New York has many historical parks and landmarks to entrance anyone interested in either American heritage or specifically New York history. May is National Preservation Month and the theme this year is "Discover America's Hidden Gems". This month go visit your local historical landmarks. Each landmark has its own personal story to tell in relation to the history of your local area.
America’s Hidden Gems are all over the nation, including New York State. In New York State alone, there are 22 national parks, over 5,000 listings on the National Registry of Historic Places, four National Heritage Areas and 262 National Historic Landmarks.
Most people think of Ellis Island or the Statue of Liberty right away when speaking of New York and its history. There is so much more to New York.New York has a rich and old history. The Iroquoian and Algonquian tribes were already settled here by 1100 AD. The French arrived in 1524. The Dutch laid claim in the early 1600’s.England laid a claim. New York was one of the original 13 Colonies, again reiterating her deep and rich history. To even attempt to include all her historical landmarks or places would be cumbersome. However, some do deserve a special mention.
The Castle Clinton, located on Manhattan, has nothing to do with former President Bill Clinton or Senator Hillary Clinton. It was in fact named after DeWitt Clinton, former mayor and governor of New York. It does represent the growth of the city and the nation. It was originally built with the intention to prevent an invasion from the British in 1812, according to the National Park Service (NPS). After the War of 1812, the fort was deed to the city of New York. Known as Castle Garden then, it became an entertainment center. From 1855 to 1890,Castle Garden was the predecessor to Ellis Island. It welcomed over eight million immigrants to America from 3 August 1855 to 18 April 1890. The Federal Government took over immigration and opened up Ellis Island.Castle Garden received another face lift and served as the New York City Aquarium from 1896 to 1941. The NPS saved the Castle from demolished and reopened it as the Castle Clinton National Monument in 1975. It still receives millions of visitors but now it serves as the ticket office for the Statue of Liberty.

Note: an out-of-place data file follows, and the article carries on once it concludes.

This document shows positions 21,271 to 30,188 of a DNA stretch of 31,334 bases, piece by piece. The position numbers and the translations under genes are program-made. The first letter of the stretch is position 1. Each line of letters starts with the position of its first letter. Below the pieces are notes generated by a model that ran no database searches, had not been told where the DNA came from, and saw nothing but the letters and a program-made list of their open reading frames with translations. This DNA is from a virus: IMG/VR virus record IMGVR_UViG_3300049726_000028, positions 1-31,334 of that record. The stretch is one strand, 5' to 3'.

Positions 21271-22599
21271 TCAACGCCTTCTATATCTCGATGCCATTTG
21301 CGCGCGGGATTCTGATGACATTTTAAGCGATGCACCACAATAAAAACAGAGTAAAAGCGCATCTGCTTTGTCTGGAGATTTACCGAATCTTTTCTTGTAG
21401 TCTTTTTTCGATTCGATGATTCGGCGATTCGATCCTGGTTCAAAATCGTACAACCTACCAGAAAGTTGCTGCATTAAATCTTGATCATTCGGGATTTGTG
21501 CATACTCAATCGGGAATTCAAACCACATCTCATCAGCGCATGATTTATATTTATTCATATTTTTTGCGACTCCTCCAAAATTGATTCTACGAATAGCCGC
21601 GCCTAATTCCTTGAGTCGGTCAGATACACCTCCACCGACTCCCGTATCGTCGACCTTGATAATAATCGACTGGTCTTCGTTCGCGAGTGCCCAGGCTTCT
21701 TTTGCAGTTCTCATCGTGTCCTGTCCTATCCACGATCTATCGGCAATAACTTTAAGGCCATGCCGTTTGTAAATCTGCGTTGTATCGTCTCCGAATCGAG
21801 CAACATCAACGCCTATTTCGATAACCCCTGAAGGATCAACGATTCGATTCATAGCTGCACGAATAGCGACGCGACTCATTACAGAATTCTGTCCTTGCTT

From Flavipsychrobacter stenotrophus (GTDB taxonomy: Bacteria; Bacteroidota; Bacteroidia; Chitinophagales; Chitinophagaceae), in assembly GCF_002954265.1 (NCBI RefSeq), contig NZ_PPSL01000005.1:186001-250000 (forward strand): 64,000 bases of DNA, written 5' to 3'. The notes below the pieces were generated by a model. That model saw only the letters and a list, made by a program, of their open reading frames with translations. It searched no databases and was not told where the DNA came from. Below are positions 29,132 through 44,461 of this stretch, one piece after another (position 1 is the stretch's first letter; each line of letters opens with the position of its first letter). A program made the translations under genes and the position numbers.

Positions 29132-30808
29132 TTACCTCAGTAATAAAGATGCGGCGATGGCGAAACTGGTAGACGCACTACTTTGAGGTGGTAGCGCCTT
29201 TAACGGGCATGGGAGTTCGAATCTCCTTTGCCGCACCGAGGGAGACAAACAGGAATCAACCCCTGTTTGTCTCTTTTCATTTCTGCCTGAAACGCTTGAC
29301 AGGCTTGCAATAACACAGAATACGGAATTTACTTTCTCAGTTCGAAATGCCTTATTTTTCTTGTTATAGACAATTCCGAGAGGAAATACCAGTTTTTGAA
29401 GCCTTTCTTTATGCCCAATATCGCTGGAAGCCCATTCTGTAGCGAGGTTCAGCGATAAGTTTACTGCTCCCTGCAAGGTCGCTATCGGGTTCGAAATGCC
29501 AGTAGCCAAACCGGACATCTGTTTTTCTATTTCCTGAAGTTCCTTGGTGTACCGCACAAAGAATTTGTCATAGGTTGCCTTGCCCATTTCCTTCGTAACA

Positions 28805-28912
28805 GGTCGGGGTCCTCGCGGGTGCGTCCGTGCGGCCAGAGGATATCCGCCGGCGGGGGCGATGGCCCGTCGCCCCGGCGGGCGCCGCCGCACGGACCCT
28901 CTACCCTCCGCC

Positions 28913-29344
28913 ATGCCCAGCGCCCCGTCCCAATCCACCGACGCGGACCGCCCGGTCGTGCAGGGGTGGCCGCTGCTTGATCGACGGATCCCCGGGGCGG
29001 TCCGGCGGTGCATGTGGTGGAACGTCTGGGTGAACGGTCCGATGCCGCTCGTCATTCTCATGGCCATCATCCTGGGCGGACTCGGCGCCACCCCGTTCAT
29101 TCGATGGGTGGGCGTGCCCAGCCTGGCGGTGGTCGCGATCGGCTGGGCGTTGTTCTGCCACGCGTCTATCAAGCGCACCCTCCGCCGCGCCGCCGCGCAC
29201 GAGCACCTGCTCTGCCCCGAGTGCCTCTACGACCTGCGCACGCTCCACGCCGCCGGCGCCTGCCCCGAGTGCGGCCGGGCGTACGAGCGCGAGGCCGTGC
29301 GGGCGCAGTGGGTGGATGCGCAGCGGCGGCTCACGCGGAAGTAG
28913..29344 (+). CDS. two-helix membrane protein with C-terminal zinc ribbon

In Patchogue, the shore is known as Fire Island National Seashore. The ecosystems of Fire Islandare maintained in its natural condition by the NPS. Wilderness camping is also permitted in the Otis Pike Fire Island High Dune Wilderness area. While there, be sure to visit the Fire Island Lighthouse. This lighthouse was finished in 1858 however it replaced one that had been there since 1826. It sits 168 feet above sea level and can be seen over 20 miles away. The lighthouse itself is operated by the Fire Island Lighthouse Preservation Society in conjunction with the NPS.
Martin Van Buren National Historic Site
Martin Van Buren became President of theUnited Statesin 1837 after uniting various opposing political groups. He ran for the Office from his home in Kinderhook, now a National Historical Site. Tours are offered every hour from 9 a.m. to 4 p.m. from mid May through October.
Saint Paul’s Church
This New York church, located in Eastchester, served as a Revolutionary War hospital. The church tells many a story from colonial times. Many soldiers as well as prominent New York residents are buried at Saint Paul’s, which is one of New York’s oldest churches. The oldest tombstone – the oldest legible stone that is – dates to 1704. At the cemetery lie both American and Hessian soldiers. The church became a National Historic Site in 1943. It became part of the NPS in 1980.
Women’s Rights National Park
In was in Seneca Fallsin 1848 that the first Women’s Right Convention was born. Elizabeth Cady Stanton, along with four other women, invited the public to this convention to discuss the growing and changing role of women in America. Stanton played a pivotal role in women’s rights, authoring many important strategies of the movement in its formative years.
May is National Preservation Month and the theme this year is "DiscoverAmerica's Hidden Gems". PreservingNew York’s history allows future generations to appreciate the diverse background of New Yorkand of our nation. We can still learn much from those long passed.
ABOUT JEANNE RUCZHAK-ECKMAN
Jeanne Ruczhak-Eckman began writing in 1985, with her work appearing in several local newspapers. From 2003-2009, she spearheaded an online newspaper company, which had two newspapers, the PA Farm News and SolancoNews.com. The latter covered everything from hometown heroes and new businesses to the Nickel Mines Shooting. She received her Bachelor of Arts in journalism from LockHavenUniversity. Her interests include history/travel, learning more about diabetes and how to deal with it, genealogy, Orthodoxy, preparedness and gaming. You may contact Jeanne with your comments and questions.